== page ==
Robert Christgau: Dean of American Rock Critics

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Ted Hawkins

  • Watch Your Step [Rounder, 1982] A-
  • Happy Hour [Rounder, 1987] B
  • The Next Hundred Years [DGC, 1994] *
  • The Final Tour [Evidence, 1998] *
  • Suffer No More: The Ted Hawkins Story [Rhino, 1998] B+

Consumer Guide Reviews:

Watch Your Step [Rounder, 1982]
Cut ten years ago by a street musician and jailbird who sings like Sam Cooke and strums acoustic guitar like Bob Dylan, these fourteen songs--especially the four backed by Philip Walker's humdrum blues band--wouldn't have seemed so remarkable had they been released back then, in the late soul era. But they are remarkable, because Hawkins is a true folkie hero, by which I mean that his lyrics are his own. These little dramas of passion, tenderness and betrayal are stamped with the sin-and-redemption of a lived life. And if the musical conception is excessively elementary, the singing is distinctive--derivative or not, the voice is expressive and earned. A-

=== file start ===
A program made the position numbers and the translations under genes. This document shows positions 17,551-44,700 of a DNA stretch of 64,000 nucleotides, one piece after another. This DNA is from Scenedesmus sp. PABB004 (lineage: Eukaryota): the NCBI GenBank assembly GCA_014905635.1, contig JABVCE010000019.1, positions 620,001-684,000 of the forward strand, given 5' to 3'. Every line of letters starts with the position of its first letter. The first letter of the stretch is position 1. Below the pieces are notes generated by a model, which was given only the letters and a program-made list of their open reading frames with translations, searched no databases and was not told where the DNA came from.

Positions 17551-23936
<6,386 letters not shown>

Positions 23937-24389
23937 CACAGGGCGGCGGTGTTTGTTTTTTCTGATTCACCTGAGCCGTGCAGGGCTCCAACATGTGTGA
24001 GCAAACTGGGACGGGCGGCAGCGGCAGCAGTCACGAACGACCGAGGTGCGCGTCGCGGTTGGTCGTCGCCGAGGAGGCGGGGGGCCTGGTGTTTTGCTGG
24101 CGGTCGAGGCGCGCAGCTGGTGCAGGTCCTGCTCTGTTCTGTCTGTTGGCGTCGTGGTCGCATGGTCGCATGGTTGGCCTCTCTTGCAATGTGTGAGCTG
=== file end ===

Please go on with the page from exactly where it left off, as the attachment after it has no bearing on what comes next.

Happy Hour [Rounder, 1987]
This L.A.-based folk bluesman can bring you up short by latching onto homely details or just telling the embarrassing truth. I'll never forget "Bad Dog" ("What's the reason your dog don't bark at that man?") or "You Pushed My Head Away" ("Baby that sucker had to learn too"). But the unaffected can also be naive, and the unsophisticated can also be received. To ignore how often he falls into both traps is to condescend to an artist who deserves our respect. B

The Next Hundred Years [DGC, 1994]
last of the independents ("There Stands the Glass," "Big Things") *

The Final Tour [Evidence, 1998]
Died trying ("Bring It On Home Daddy," "There Stands the Glass"). *

Suffer No More: The Ted Hawkins Story [Rhino, 1998]
Maybe the radical alarm and homely detail of "Sorry You're Sick" are less unguarded than they seem--this guy made his living disarming passersby. Even so, Hawkins's two Rounder releases achieve an aesthetic of the natural--songs about combs, about doing the dishes, about vagrant desire. The U.K.-only late-'80s selections are pedestrian by comparison--beautifully sung, but incompletely imagined and indifferently arranged. Because compiler Gary Stewart thinks like a collector and adores Hawkins, a summing-up that might have established an American original is only a misleading introduction--to an American original. B+